Due to hiking distances, unpredictable weather patterns, and long winter seasons, Wolframite Mountain is best recommended to be attempted between late June to early September. Check with the Okanogan National Forest's Tonasket Ranger District for current trail, snow, and weather conditions at Tungsten Mine Camp.
Wolframite Mountain, and the major routes leading to the peak, can be determined on Green Trails Map #20.
What is Wolframite?What is wolframite? Wolframite, along with scheelite, is the most important tungsten ore mineral. “Wolfram” is actually the German word for tungsten, and the reason that the Chemical Symbol for tungsten is “W”. Wolframite contains both iron and manganese. Wolframite richer in iron than manganese is a black-colored mineral referred to as ferberite, and wolframite richer in manganese than iron is a brown-colored mineral referred to as huebernite.
Wolframite is found in quartz veins and pegmatites. Both examples are found throughout Wolframite Mountain and the surrounding area. Because of the strong, dense properties of tungsten, wolframite mines were strategic assets for many years due to militaries across the world using tungsten for munitions and industrial purposes. However, with the increased use of uranium, the demand for tungsten has considerably dwindled over time.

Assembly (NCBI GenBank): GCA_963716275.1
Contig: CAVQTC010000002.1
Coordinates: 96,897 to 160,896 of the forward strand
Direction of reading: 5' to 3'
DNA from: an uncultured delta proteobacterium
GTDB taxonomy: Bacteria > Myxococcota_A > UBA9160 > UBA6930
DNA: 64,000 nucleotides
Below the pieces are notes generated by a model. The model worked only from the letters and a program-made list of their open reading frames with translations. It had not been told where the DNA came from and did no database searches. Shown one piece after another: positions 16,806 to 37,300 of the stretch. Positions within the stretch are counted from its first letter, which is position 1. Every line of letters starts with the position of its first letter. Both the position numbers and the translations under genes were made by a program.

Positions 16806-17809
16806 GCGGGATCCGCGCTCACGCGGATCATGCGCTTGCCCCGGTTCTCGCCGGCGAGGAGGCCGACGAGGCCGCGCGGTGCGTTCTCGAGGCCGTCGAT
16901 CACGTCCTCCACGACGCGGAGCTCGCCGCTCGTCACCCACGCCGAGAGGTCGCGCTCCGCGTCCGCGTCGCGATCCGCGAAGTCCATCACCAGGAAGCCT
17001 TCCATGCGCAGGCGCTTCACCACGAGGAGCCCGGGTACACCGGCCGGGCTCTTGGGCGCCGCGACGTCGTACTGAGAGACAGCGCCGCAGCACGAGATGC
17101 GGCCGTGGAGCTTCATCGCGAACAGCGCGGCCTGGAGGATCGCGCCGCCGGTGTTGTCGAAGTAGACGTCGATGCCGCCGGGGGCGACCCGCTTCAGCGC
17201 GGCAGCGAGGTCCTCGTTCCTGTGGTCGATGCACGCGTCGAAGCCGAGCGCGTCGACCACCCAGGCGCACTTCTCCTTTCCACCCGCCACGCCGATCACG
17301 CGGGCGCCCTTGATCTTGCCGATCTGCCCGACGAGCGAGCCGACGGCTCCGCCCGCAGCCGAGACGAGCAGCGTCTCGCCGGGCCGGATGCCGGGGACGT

CampingBackcountry camping is allowed in the Okanogan National Forest and Pasayten Wilderness. However, a backcountry permit must be filled-out (which can be done at any of the major trailheads) prior to entering the area.
Backcountry campsites can be found throughout the area, along any of the major established/maintained trails. Campsites are on a "first come, first served" basis, with no reservations.
There are two cabins located at Tungsten Mine Camp, available for overnight stays. The larger cabin has multiple rooms: an entrance room, two bedrooms, and a dining room. Most single-occupants prefer to sleep on the table in the dining room (see "Red Tape" section for the reason why), and the bedrooms would most likely require sleeping on the floor. The smaller cabin, just up the hill and behind the larger cabin, has a single room containing two single beds and one bunk bed. Cabin sleeping spots are on a "first come, first served" basis, with no reservations. Campsites are found in many places around Tungsten Mine Camp, outside of the cabins.
Red TapeA backcountry permit (free) must be filled-out at any of the major trailheads prior to entering the area.
However, Wolframite Mountain lies within a "Fee Use" zone. As of 2009, the fee has been $5 per day, and total amount must be submitted at the trailhead prior to beginning the hike.
Tungsten Mine Camp: There are two cabins available at Tungsten Mine Camp. Please note that field mice are notoriously present in either cabin, even if apparent entrances and openings are closed. It is recommended to try to store food by hanging from various nails in the ceilings and posts within the cabins, or use the "caged" storage box on the outside of the upper cabin. Remember, mice are not afraid to gnaw through gear that has the scent of food. Store gear off floors, as a precaution.